• This is particularly hard when your extended family is against the idea of adoption and makes suggestions about how the family can accommodate a new child or makes pleas to not give a part of the family away.
  • While family opinions and ideas should be seriously considered, it is ultimately you, as the mother, who must make the final decision about what is best for yourself and your child, even if that means going against the wishes of your family.
  • Once you give the family time and opportunity to adjust to your decision, you can then use them as support while you go through the adoption process.
  • You should also recognize that just as you will need to deal with grief and loss issues surrounding the adoption, your extended family may also need time and space to go through their own grieving process.
  • You may choose to keep a pregnancy journal to be given to the adoptive parents to someday share with the child and can allow your family to participate in the journaling as well.

For more information

Share This


  • Articles

    • Adoptive Parent Perspective
      • Introduction to Adoption from the Adoptive Parent Perspective
      • Choosing to Adopt
      • Where Do The Adopted Children Come From?
      • Fears Regarding Adoption
      • Who Can Adopt?
      • The Adoption Process
      • Understanding the Adoption Players
      • Financing an Adoption
      • Deciding Adoption Preferences: Open Versus Closed Adoptions
      • Deciding Adoption Preferences: Domestic Versus International Adoptions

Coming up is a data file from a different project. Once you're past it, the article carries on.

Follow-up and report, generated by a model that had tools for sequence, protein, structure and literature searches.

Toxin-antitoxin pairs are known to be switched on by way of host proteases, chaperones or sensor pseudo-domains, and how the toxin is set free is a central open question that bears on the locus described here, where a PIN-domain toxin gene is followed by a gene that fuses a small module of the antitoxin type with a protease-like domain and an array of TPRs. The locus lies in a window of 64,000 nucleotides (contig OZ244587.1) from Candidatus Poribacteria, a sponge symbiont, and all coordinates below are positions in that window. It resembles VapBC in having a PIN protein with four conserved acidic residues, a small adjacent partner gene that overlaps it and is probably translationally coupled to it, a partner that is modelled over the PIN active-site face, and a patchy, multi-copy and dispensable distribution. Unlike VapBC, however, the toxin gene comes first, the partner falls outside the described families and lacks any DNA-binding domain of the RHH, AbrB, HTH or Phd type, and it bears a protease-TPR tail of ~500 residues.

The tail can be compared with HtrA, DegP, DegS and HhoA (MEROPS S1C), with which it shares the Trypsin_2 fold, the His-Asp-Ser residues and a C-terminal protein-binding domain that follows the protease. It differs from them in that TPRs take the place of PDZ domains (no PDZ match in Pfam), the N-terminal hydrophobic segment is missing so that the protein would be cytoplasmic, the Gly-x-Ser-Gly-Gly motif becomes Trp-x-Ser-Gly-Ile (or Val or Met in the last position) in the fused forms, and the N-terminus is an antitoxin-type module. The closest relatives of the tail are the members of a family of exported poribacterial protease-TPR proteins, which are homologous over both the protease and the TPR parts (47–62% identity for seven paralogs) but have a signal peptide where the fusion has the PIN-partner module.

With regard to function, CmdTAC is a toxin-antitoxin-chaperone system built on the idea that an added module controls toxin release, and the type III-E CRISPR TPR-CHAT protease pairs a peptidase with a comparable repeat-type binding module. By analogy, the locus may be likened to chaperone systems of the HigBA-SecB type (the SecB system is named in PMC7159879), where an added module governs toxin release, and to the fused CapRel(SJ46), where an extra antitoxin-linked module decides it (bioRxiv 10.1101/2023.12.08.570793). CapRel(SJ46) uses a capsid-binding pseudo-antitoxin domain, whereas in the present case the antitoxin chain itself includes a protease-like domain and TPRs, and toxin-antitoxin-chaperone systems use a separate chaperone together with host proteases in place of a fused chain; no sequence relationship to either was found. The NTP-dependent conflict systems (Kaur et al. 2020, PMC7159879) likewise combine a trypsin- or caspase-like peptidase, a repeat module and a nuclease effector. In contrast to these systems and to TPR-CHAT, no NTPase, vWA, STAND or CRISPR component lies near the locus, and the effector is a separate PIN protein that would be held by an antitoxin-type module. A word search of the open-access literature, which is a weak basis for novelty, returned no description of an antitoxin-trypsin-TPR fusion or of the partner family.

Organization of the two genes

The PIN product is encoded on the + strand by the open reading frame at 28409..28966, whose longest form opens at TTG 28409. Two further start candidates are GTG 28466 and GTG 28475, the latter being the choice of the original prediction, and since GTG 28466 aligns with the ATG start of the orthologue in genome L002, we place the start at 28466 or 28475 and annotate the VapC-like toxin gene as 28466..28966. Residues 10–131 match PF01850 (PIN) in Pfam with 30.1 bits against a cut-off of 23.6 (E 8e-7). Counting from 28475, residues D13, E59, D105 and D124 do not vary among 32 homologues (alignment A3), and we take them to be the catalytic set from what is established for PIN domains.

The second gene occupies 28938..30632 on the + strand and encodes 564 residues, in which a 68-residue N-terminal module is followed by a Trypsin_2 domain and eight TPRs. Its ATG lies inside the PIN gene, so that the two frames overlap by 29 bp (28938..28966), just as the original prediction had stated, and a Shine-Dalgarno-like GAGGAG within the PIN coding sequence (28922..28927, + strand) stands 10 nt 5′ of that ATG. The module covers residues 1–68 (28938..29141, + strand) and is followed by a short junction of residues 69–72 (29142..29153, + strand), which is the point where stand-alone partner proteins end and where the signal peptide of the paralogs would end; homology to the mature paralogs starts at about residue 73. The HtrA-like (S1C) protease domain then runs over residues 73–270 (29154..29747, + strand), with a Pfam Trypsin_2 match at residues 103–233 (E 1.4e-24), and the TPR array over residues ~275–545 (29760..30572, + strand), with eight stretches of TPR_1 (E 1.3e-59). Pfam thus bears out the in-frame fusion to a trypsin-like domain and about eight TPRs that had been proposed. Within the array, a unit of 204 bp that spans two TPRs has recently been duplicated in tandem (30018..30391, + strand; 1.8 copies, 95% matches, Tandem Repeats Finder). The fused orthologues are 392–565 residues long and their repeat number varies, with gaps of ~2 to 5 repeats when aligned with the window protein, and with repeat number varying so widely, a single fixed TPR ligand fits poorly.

• Deciding Adoption Preferences: Age, Race/Ethnicity and Special Needs
      • Deciding Adoption Preferences: Agency, Lawyer or Facilitator
      • Choosing Between Adoption Agency Alternatives
      • Choosing an Adoption Agency, Lawyer, or Facilitator
      • Completing the Adoption Application Process
      • Dossier and Additional Steps for International Adoptions
      • Things to Do While Waiting for an Adopted Child
      • Placement of a Child in Domestic Adoptions: Becoming a Parent
      • Placement of a Child in International Adoptions: Becoming a Parent
      • Common Post-Adoption Issues: Bonding
      • Common Post-Adoption Issues: Talking about Adoption
      • Common Post-Adoption Issues: Telling Children about their Adoption
      • Common Post-Adoption Issues: Coping With Insensitive Comments
      • Things That Can Go Wrong: Disrupted Adoptions
      • Things That Can Go Wrong in an Adoption: Unknown/Unexpected Health Conditions
      • Issues in International Adoptions
      • The Role of the Birth Parents in an Adoption
      • Seeking Birth Parents After an Adoption
      • Adoption Conclusion
    • Birth Parent Perspective
      • Introduction to Adoption from the Birth Parent Perspective
      • Types of Adoption
      • The "Players" in an Adoption
      • Choosing a Adoptive Family
      • Financial Aspects of Adoption and Relinquishment
      • Telling Family/Friends About an Adoption and Other Emotional Issues
      • Time in the Hospital and Adoption Placement/Saying Goodbye
      • Long-Term Issues for Birthmothers After Adoption
      • Long-Term Issues for the Adopted Child
      • Adoption Registries/Potential Reunion Meetings and Conclusion
  • Questions and Answers

    • Adoptive Mother of 3 Children - SunFlower
    • My Wife is Depressed. Should I help her to Toughen Up or Just Be There for her?
    • Adopted and dealing with Mother issues
  • Book & Media Reviews

    • Adoption Beyond Borders
    • City of One
    • Family Bound
    • The Mistress's Daughter